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J Physiol. 2014 Apr 15;592(8):1795-808. doi: 10.1113/jphysiol.2013.269977. Epub 2014 Feb 17.

Dietary pre-exposure of rats to fish oil does not enhance myocardial efficiency of isolated working hearts or their left ventricular trabeculae.

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Department of Physiology, The University of Auckland, Private Bag 92019, Auckland, New Zealand.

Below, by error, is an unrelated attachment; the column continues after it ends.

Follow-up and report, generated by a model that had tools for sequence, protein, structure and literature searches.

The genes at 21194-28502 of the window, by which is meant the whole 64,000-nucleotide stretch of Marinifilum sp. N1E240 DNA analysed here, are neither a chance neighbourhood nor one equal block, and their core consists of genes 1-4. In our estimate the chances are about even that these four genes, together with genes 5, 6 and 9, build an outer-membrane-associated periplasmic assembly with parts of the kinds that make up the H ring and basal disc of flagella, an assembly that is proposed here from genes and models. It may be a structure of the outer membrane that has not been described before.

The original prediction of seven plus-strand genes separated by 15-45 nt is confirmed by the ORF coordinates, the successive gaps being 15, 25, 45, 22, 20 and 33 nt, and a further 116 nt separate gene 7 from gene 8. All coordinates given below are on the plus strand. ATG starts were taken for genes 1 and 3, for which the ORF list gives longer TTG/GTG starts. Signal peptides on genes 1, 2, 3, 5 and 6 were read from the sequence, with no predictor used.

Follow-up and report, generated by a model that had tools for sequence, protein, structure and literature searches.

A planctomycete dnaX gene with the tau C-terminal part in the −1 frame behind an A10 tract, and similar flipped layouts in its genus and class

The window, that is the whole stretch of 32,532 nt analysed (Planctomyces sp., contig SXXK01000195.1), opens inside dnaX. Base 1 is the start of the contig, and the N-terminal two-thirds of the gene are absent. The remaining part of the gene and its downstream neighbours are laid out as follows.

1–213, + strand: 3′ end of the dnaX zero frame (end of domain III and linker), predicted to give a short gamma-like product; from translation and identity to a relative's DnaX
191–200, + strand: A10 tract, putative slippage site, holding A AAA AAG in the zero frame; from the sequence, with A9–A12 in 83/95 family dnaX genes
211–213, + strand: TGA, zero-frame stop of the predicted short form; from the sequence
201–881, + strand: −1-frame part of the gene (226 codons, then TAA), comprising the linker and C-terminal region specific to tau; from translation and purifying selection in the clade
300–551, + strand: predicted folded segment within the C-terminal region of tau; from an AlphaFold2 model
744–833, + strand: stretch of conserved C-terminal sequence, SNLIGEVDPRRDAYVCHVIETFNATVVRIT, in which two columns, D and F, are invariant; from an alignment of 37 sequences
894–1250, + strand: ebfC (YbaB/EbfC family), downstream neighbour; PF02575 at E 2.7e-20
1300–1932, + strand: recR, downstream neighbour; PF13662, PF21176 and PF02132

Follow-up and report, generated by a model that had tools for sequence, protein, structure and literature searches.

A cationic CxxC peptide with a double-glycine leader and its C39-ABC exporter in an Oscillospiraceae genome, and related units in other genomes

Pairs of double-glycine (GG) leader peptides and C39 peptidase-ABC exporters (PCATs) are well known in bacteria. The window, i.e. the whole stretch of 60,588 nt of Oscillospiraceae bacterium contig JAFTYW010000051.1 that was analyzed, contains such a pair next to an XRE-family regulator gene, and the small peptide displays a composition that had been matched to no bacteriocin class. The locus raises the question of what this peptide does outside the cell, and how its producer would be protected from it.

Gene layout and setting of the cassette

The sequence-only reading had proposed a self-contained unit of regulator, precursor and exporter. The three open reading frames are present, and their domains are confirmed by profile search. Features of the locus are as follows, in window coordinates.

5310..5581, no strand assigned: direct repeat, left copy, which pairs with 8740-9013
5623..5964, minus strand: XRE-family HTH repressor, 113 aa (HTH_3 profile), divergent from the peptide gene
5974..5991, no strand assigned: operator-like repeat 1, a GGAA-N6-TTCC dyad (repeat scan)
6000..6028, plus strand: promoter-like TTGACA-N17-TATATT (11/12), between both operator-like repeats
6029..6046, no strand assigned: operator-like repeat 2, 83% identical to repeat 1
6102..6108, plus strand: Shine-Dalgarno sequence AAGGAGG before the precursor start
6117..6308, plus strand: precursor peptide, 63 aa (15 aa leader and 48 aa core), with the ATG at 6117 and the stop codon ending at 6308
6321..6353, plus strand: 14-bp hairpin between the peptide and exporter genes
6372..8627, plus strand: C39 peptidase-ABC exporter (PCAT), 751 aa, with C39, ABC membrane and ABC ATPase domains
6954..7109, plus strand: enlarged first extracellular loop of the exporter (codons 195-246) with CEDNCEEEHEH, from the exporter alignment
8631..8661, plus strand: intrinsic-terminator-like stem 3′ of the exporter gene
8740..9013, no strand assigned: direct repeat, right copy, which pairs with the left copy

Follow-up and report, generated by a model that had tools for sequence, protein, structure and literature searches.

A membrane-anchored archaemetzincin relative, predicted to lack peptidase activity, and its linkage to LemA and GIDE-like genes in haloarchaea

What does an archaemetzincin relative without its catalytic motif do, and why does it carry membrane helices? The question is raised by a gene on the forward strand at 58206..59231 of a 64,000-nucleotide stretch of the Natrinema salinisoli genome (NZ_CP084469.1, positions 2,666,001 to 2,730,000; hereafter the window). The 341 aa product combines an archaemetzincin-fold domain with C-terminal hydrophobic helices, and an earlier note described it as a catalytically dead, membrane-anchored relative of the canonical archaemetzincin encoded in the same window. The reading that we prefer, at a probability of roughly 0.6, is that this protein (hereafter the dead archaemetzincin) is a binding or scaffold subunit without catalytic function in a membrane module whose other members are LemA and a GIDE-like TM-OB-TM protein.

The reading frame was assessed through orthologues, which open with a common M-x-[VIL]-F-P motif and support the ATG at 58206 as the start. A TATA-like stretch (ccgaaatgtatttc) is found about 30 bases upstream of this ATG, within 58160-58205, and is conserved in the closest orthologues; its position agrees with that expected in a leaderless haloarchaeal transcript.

Numerous epidemiological studies, supported by clinical and experimental findings, have suggested beneficial effects of dietary fish or fish oil supplementation on cardiovascular health. One such experimental study showed a profound (100%) increase in myocardial efficiency (i.e. the ratio of work output to metabolic energy input) of the isolated whole heart, achieved by a corresponding decrease in the rate of myocardial oxygen consumption. However, a number of other investigations have returned null results on the latter energetic index. Such conflicting findings have motivated us to undertake a re-examination. To that effect, we investigated the effects of dietary fatty acid supplementation on myocardial mechano-energetics, with our primary focus on cardiac efficiency. We used both isolated hearts and isolated left ventricular trabeculae of rats fed with one of three distinct diets: reference (REF), fish oil-supplemented (FO) or saturated fat-supplemented (SFA). For all three groups, and at both spatial levels, we supplied 10 mm glucose as the exogenous metabolic substrate. In the working heart experiments, we found no difference in the average mechanical efficiency among the three dietary groups: 14.8 ± 1.1% (REF), 13.9 ± 0.6% (FO) and 13.6 ± 0.7% (SFA). Likewise, we observed no difference in peak mechanical efficiency of left ventricular trabeculae among the REF, FO and SFA groups: 13.3 ± 1.4, 11.2 ± 2.2 and 12.5 ± 1.5%, respectively. We conclude that there is no effect of a period of pre-exposure to a diet supplemented with either fish oil or saturated fatty acids on the efficiency of the myocardium at either spatial level: tissue or whole heart.

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